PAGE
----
All of this is not to say that Seth Beer will have the same career arc that Smoak has had or to say that he deserves to be picked in the top 11. It is simply to show the statistical similarities in two players with similar offensive and defensive profiles. Justin Smoak certainly gets the nod as the better MLB prospect coming out of college but statistically there are obvious similarities. “Never scout the stat line” is a well-known rule in baseball and well respected for good reason, but that doesn’t mean we should ignore what happens on the field either. I think a player’s track record on the field can often help inform, along with your own eyes and the scouting reports, on where the player’s value ultimately lies.
One thing is sure, Seth Beer can flat out rake, and the team that’s willing to take him on will be hoping to adjust the swing mechanics and make him as close to an average first baseman as possible. The baseball acumen, pitch recognition, and pure strength are good building blocks to start with. The pick comes with a lot of risk, but the reward could be great enough to make the risk worth it. Personally, I think a team in the 30s takes a shot but if I were the Rockies, I wouldn’t let him fall further than 42.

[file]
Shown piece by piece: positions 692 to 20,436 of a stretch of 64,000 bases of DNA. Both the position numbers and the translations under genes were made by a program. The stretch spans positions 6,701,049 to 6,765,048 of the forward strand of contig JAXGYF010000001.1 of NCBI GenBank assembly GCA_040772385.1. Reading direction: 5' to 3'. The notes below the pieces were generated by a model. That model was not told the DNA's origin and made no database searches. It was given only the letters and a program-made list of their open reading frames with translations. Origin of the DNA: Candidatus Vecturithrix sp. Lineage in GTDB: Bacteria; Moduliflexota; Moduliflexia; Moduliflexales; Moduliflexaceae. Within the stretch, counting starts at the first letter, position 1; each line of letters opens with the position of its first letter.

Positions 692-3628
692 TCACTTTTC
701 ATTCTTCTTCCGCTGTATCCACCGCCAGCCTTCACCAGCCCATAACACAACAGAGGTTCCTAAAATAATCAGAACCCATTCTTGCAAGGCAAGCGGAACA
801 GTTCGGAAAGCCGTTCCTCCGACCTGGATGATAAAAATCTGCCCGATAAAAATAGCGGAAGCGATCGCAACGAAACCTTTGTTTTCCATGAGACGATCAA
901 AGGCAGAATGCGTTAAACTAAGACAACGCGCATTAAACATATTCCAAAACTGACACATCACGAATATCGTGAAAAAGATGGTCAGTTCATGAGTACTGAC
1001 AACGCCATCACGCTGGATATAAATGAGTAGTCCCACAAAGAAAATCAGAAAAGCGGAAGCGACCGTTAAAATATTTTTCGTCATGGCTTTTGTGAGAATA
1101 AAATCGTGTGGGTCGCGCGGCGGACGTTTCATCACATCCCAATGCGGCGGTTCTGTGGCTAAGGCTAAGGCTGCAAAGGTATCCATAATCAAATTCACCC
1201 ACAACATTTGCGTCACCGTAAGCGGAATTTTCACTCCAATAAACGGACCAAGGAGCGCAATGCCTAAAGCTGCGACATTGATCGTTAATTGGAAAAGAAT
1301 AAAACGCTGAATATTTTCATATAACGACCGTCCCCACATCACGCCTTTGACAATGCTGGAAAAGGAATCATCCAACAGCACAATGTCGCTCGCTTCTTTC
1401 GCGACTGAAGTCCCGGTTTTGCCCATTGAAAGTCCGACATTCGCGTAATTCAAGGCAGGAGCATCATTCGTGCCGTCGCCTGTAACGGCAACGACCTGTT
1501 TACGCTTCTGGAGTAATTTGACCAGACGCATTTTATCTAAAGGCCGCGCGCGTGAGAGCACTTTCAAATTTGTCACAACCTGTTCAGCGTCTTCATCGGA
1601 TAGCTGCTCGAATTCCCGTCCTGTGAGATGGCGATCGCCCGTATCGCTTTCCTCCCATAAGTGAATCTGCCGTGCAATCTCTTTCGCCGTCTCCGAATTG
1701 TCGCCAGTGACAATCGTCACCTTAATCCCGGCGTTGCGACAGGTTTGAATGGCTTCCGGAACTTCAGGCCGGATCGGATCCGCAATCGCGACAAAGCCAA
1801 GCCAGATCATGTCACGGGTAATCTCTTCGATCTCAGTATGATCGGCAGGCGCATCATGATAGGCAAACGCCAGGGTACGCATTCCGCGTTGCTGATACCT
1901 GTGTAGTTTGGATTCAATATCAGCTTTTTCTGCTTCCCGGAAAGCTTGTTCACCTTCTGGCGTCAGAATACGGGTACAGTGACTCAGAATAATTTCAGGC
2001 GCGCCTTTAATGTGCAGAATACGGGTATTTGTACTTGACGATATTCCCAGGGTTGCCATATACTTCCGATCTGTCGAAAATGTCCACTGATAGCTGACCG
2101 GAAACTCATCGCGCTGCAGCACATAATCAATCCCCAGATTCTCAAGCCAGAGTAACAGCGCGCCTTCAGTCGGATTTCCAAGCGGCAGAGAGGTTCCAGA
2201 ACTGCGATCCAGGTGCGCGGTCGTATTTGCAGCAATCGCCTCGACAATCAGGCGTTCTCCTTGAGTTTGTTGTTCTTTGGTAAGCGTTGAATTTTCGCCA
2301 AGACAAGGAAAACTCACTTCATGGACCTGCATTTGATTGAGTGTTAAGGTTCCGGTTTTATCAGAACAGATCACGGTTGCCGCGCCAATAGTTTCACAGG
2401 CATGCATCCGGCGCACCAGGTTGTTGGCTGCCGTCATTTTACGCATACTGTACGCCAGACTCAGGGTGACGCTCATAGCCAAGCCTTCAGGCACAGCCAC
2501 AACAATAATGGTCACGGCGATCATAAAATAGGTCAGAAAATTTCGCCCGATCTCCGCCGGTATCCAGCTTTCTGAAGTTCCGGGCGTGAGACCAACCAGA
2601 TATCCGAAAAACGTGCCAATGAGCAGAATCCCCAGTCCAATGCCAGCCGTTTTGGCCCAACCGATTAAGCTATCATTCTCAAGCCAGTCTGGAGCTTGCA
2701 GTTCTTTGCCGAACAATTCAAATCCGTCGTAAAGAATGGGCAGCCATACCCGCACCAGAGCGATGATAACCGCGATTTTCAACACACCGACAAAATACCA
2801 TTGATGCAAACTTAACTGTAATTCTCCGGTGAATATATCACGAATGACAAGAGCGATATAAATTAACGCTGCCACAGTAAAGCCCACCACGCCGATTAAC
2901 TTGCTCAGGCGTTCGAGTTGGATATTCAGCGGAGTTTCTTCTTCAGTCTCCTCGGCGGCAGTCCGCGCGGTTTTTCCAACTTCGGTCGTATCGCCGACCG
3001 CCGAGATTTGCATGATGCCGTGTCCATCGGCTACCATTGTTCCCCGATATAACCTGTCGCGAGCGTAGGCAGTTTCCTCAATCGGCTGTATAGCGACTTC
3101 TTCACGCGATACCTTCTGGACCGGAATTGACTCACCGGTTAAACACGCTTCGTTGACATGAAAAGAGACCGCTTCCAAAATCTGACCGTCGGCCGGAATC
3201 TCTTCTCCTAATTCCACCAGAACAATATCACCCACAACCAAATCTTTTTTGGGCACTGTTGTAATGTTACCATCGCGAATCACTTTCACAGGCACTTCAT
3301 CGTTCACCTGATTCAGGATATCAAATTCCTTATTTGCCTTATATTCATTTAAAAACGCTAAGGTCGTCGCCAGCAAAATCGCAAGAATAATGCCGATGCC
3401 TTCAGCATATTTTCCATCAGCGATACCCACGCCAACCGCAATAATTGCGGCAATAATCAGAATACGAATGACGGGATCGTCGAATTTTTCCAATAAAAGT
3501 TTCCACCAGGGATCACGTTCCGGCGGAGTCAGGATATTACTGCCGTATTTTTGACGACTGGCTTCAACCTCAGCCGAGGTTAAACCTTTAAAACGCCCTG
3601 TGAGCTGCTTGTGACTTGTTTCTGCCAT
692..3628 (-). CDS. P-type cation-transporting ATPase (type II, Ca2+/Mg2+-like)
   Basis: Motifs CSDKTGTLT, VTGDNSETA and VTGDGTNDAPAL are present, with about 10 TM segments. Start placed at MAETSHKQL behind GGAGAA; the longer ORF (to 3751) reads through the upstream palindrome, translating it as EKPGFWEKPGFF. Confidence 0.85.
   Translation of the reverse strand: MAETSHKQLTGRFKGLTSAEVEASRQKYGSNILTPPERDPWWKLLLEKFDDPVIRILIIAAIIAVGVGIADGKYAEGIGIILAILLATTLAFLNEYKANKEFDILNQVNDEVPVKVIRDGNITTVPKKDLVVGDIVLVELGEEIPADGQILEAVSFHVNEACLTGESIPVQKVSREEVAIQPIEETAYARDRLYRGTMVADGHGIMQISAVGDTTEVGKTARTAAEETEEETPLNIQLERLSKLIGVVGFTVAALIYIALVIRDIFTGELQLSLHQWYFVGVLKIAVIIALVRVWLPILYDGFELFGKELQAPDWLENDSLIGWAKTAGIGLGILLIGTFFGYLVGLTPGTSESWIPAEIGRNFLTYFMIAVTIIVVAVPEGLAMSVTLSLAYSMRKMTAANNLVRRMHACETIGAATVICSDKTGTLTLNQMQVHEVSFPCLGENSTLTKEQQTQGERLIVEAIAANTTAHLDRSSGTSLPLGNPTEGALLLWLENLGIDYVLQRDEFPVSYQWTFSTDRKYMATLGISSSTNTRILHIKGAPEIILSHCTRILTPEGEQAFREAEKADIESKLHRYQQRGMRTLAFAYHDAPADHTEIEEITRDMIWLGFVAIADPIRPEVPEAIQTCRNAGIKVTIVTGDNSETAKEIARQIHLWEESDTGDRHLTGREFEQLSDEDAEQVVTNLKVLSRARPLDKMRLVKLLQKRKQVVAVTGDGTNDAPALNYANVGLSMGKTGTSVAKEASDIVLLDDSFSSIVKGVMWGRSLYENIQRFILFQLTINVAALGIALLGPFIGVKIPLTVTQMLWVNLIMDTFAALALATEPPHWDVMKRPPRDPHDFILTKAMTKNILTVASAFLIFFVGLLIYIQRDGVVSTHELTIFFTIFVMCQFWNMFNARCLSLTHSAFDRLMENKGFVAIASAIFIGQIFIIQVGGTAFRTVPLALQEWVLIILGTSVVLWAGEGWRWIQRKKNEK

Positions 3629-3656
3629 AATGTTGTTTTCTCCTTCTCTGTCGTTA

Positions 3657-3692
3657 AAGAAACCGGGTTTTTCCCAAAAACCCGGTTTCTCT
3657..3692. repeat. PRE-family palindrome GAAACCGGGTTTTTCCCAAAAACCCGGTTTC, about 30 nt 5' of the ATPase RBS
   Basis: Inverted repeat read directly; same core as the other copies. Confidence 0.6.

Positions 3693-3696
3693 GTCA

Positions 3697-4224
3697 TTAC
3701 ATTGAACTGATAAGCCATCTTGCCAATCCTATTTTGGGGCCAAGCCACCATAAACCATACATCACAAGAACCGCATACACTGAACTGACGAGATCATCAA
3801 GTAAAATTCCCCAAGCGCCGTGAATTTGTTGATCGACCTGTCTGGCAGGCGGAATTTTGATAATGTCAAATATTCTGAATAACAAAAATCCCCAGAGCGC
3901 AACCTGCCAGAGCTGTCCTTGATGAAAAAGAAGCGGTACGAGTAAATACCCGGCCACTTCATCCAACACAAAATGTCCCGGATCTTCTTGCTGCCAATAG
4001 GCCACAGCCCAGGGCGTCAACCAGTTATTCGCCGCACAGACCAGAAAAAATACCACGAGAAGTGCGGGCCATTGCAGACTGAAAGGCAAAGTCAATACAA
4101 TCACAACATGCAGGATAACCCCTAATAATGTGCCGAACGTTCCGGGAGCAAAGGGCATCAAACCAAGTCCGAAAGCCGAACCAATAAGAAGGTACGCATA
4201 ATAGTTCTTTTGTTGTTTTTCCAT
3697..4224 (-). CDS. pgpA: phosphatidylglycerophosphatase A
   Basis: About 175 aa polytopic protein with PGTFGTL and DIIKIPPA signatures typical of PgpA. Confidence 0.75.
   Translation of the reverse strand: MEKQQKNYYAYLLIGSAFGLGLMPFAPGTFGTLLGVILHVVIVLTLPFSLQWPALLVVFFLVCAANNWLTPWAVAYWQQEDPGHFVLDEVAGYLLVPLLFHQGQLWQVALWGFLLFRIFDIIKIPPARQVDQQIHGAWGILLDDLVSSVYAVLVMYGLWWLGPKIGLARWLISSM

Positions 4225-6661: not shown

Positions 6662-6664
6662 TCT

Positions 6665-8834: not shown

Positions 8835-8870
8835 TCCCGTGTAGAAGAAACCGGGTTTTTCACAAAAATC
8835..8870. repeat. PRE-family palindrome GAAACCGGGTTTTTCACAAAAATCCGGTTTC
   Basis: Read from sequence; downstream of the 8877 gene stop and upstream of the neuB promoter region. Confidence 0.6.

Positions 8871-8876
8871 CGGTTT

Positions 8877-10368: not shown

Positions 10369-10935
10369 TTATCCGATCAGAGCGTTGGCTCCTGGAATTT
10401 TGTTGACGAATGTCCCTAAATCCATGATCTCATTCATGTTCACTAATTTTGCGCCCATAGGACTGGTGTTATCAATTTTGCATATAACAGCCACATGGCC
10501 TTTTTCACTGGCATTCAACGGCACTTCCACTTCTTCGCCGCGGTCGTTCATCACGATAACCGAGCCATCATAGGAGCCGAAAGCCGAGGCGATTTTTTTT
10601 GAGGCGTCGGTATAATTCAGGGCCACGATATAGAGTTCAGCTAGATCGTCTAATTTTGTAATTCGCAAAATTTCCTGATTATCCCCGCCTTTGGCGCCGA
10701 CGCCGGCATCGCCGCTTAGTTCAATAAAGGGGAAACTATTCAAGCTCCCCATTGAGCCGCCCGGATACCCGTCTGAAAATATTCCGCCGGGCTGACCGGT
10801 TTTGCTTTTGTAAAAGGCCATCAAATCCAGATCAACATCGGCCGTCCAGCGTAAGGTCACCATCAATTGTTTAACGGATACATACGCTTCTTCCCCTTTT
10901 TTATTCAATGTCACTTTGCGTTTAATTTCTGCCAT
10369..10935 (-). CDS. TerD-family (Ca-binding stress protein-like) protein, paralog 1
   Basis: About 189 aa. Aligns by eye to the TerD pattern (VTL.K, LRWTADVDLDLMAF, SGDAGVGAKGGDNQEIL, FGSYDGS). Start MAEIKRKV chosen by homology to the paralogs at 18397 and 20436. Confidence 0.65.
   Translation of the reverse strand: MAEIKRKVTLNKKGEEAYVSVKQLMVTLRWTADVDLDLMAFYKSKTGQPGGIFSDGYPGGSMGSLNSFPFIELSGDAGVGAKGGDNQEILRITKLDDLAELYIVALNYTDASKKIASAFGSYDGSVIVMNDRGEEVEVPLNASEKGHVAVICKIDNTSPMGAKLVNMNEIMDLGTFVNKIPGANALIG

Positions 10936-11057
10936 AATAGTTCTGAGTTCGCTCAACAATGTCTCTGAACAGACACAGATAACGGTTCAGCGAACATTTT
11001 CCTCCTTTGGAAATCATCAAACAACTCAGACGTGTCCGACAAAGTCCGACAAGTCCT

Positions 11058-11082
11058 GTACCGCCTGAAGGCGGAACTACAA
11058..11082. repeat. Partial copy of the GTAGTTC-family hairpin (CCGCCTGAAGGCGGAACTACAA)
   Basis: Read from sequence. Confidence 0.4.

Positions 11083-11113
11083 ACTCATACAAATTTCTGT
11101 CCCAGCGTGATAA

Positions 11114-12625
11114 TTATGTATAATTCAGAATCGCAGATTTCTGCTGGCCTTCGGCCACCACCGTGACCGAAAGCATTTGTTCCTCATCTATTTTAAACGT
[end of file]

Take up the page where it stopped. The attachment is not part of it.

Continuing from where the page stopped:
Matt McLain, SS, Arnold O. Beckman High School (CA)
McLain has experienced a meteoric rise this year due to a great spring that has scouts buzzing. McLain is a bit undersized at 5’10” and 175 pounds but makes up for it with exceptional footwork and range defensively. He covers a lot of ground and has great defensive instincts to go along with soft hands and a strong arm. He should have the ability to stick at short when he reaches pro ball (although some scouts put him at second in the future) and the defensive profile is enough to get scouts excited.
On top of his defensive prowess, McLain has shown a well balanced offensive game this season as well. He shows a good batter’s eye whenever he comes to the plate, clearly approaching every at bat with a plan. He has good bat-to-ball skills and sprays the ball with authority to all fields. He shows a good ability to go with the pitch where it’s thrown and has shown off some over-the-fence power this season. His speed has been graded anywhere from average to plus but he gets up the line quickly and has a knack for swiping bags.